Container ship ONE Apus collapse adds to 2020’s freight industry woes

2020 has been a pretty turbulent year for the maritime transport industry.  You’d think that there may well have been a boost to shipping as planes were grounded, PPE and Covid related goods joined the list of products being shipped around the globe, and global e-commerce boomed. In part, this is true, but the industry still continues to suffer (like almost every other) due to Covid, and Global maritime trade will plunge by 4.1% in 2020 due to the unprecedented disruption caused by COVID-19, UNCTAD estimates.

The news isn’t all bad, the same analysts at UNCTAD predict a growth of 4.8% in 2021, that is assuming world economic output recovers.  But devastating failures and events like the collapse of ONE Apus’ holding decks and loss of around 2000 x 40′ containers full of goods into the Pacific won’t help the recovery – and it comes with many a knock-on effect too.

Below is the ONE Apus arriving in Kobe, Japan after its troubles at sea.  The loss of goods, downtime involved in unloading and subsequent repairs, plus the $200m plus insurance payouts to those who have goods on board are only the tip of the iceberg.  Delays across the whole chain mean an industry that has done so well to make changes and pivot just to stay afloat in 2020 has more battling to do yet.

It’s not just the shipping line who will feel this either.  We operate an international freight business that started the year wondering how many containers would hit the UK shores as businesses continued to top up supplies pre-brexit.  But has spent the most part staying on top of changes, delays, and other issues for clients (both import and export).  Just this one incident may mean that thousands of businesses who have spent the year receiving goods late, now may be left with no goods to start 2021 with.  It really is a catastrophic event.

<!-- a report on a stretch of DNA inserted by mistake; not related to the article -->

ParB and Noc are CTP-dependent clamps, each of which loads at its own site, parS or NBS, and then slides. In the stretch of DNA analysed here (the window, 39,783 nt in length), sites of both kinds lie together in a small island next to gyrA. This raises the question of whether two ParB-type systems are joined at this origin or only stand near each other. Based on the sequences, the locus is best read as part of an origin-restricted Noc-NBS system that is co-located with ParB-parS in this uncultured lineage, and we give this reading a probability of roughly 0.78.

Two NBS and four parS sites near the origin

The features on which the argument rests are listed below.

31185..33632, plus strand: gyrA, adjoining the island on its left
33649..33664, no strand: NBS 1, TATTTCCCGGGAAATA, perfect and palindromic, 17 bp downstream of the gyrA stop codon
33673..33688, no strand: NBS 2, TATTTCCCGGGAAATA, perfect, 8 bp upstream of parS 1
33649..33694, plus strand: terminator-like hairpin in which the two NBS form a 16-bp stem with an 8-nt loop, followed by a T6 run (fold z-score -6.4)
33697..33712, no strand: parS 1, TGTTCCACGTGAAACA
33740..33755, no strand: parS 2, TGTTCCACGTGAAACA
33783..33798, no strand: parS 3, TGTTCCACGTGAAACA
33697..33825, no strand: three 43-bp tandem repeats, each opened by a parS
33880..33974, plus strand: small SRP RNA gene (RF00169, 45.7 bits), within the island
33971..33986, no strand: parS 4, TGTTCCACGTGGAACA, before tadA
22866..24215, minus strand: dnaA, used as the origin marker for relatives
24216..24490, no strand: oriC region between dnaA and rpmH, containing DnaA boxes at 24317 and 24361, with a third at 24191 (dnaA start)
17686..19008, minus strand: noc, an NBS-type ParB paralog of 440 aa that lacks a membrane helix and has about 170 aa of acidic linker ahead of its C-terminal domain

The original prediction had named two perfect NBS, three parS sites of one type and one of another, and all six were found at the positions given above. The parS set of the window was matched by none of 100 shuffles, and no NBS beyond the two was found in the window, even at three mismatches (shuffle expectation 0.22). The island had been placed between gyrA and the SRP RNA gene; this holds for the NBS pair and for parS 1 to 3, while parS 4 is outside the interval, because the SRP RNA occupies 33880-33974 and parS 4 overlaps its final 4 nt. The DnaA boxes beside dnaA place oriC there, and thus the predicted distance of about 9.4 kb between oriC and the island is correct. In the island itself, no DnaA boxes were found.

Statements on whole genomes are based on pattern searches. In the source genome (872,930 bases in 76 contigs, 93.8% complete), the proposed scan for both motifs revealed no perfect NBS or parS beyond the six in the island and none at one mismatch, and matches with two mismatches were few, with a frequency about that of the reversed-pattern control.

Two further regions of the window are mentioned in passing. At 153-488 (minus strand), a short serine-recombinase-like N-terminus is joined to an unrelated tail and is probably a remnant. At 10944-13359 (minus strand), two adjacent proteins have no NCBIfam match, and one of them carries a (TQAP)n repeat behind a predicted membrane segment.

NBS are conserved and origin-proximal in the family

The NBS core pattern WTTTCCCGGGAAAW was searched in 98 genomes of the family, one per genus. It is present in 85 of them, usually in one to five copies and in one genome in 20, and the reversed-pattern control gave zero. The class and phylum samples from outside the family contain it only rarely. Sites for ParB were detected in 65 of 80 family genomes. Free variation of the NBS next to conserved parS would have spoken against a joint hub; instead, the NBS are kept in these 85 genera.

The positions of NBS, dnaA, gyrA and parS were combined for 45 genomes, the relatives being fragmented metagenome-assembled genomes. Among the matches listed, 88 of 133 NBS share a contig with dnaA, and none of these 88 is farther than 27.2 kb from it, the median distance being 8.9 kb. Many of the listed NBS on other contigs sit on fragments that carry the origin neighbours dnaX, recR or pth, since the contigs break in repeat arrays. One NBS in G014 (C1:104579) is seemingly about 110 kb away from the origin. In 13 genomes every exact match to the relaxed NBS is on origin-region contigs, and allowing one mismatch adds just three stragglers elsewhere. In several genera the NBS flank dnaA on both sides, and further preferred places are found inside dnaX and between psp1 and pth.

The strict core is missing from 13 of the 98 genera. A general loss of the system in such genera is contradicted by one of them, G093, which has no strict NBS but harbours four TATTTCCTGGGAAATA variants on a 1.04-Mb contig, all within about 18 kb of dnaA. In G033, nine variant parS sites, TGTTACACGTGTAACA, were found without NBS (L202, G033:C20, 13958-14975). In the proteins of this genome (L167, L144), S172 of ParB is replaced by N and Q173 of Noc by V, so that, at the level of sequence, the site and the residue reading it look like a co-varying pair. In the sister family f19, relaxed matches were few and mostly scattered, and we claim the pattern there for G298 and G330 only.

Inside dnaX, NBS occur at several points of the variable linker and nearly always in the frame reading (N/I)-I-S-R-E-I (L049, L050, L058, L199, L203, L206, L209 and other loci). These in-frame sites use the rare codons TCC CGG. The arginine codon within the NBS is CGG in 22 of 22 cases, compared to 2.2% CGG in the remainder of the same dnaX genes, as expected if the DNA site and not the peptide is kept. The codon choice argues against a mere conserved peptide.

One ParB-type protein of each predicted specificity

Bolt-on the fact that China has had real trouble keeping up with the production of new containers for the industry and you’ve got a bit of a perfect storm.  Containers are not so readily available for purchase at global docks, as they are very much needed back in China. Heading back empty to be used for new goods is a costly exercise as well.  This has affected the Container Sales and Container Hire operations of businesses like our very own ST Containers.

Oh, and there is the fact that 2000 x 40 foot containers now sit at the bottom of the ocean (somewhere around 3miles down) never to be recovered.

Doesn’t 2020 just keep on giving…. What a year! 

If you import goods, or export from the UK and would like to discuss your freight operations give our team a call today or complete our freight transport enquiry form.

Or if you are in need of a shipping container for storage, conversion or something else right now but are having issues sourcing one then get in touch with our team at ST Containers and we’ll do our best to help.

 

 

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